You know, selling you on No More Hell to Pay is pointless; it’s either going to be utterly ridiculous or ridiculously cheesy fun. Make your own decision about that. Let me instead explain why I won’t hear a word said against Stryper. In 1986, I went on my very first date, with a very nice young Christian woman, as it happens. Stryper had released its mega-selling album To Hell with the Devil that year, while Slayer had released its classic Reign in Blood. I remember playing my date Reign in Blood, and telling her that Stryper had moved in a new direction, and she was mortified. To be honest, we never made it to a second date, but I bumped into her again at a metal show a few years back, and it turned out she’d grown to love Slayer, Satan, and all his little minions. Now, who says Stryper isn’t good for something?

Uzala: Tales of Blood & Fire (King of Monsters)

The only thing that let down Idaho doom band Uzala’s 2012 self-titled debut was its production. The band arrived with all the riffs required, and vocalist and guitarist Darcy Nutt obviously had a howl that could shatter skulls and bring down walls. The only problem was that Uzala just didn’t have the requisite weight.

That issue has been entirely remedied on the band’s new album. With Tad Doyle serving as producer, he’s amplified all the band’s strengths magnificently on Tales of Blood & Fire. Lengthy churns, like “Dark Days” and “Burned”, contain gargantuan-sounding riffs, with droning distortion delivering the gut punch in good order. Nutt’s voice has been captured to display all the power she possesses too, especially on the multi-layered melodies of “Countess”, and as “Seven Veils”, where the intensity of her vocals draws immediate and very favourable comparisons to Uta Plotkin from Witch Mountain, or Sharie Neyland from Witchsorrow. Alongside Nutt, guitarist Chad Remains, bassist Nick Phit and drummer Chuck Watkins craft some truly Brobdingnagian and majestic doom suites, making Tales of Blood & Fire an album you’ll not want to miss.

Ephemeros: All Hail Corrosion (Seventh Rule)

If the deep dark doom of Uzala sounds enticing, then you might also like to take a step further into the gloom and check out another band with Uzala drummer Chuck Watkins—the death/doom/sludge titan Ephemeros.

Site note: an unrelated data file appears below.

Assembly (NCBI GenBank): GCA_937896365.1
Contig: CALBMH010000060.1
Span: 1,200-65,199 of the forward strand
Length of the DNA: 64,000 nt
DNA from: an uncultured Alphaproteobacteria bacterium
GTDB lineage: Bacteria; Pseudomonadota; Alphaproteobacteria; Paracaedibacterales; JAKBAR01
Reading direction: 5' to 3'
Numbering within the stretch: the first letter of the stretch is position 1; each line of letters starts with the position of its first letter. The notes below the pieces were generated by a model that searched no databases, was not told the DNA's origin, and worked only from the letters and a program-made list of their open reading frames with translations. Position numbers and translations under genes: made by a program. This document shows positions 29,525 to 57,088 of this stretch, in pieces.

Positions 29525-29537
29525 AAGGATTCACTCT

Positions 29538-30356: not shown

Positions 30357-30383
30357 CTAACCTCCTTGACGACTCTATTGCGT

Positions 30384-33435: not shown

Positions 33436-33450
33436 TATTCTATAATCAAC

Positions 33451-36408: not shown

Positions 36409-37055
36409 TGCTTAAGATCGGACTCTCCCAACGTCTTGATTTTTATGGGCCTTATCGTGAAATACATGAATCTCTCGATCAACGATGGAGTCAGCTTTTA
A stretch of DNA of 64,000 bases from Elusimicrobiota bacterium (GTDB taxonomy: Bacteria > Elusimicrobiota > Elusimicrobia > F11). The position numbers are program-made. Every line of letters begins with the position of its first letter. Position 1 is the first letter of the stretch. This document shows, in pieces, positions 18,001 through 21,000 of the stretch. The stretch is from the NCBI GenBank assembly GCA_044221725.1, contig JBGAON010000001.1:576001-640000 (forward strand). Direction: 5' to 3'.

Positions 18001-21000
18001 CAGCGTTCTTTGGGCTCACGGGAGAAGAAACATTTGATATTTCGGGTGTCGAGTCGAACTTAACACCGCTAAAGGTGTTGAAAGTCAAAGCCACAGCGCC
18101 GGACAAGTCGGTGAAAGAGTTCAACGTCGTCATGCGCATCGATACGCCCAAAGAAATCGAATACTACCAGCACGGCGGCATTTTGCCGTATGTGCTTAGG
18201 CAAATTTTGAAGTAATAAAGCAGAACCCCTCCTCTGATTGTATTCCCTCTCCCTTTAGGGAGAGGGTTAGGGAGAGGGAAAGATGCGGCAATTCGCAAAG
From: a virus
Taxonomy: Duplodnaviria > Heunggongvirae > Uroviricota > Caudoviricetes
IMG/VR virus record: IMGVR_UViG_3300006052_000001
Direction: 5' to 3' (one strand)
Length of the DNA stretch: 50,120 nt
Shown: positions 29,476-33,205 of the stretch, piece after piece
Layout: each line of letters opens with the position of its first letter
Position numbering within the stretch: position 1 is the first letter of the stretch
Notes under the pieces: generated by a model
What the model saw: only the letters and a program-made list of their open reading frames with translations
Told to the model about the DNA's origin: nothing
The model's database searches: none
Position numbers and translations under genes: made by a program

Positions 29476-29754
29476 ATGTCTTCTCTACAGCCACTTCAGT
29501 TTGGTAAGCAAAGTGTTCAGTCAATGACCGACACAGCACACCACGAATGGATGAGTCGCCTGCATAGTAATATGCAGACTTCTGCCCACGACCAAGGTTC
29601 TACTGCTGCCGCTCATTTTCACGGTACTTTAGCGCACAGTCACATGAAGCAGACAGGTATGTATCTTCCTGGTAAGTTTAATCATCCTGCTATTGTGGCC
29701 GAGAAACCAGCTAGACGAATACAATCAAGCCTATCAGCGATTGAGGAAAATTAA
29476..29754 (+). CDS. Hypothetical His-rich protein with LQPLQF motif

The band’s debut, All Hail Corrosion, takes the suffocating funereal tone of the likes of Asunder and Mournful Congregation, and buries it in fathomless murk. All Hail Corrosion is as dismal as it comes, with death metal growls and anguished howls entombed in droning songs that take thick and slow trudges across utterly bleak mindscapes.

Ephemeros is heavy, in every sense of the word. Emotionally traumatic and sonically harrowing, All Hail Corrosion only contains three soul-smashing suites; but honestly, any more might well be mentally ruinous. Like the stunning debut from Lycus earlier in the year, Ephemeros makes great use of minimalist passages of chugging riffs that suddenly drop into caverns of sludgy noise. A murderously methodical momentum pushes things forward, compressing the claustrophobia and morose timbre as it goes. The demoralizing abysses of funeral doom that All Hail Corrosion travels through might not be for everyone, but for those who draw strength from despair, Ephemeros has provided a monumental banquet of daunting metal.

Craig Hayes is based in Aotearoa New Zealand, and he is a contributing editor and columnist at PopMatters. Alongside his reviews and feature articles, Craig's monthly column, Ragnarök, traverses the metal spectrum. He is the co-author of PopMatters' regular metal round-up, Mixtarum Metallum, contributes to radio shows and numerous other sites, and he favours music that clangs, bangs, crashes, or drones. Craig can be found losing followers daily on twitter @sixnoises.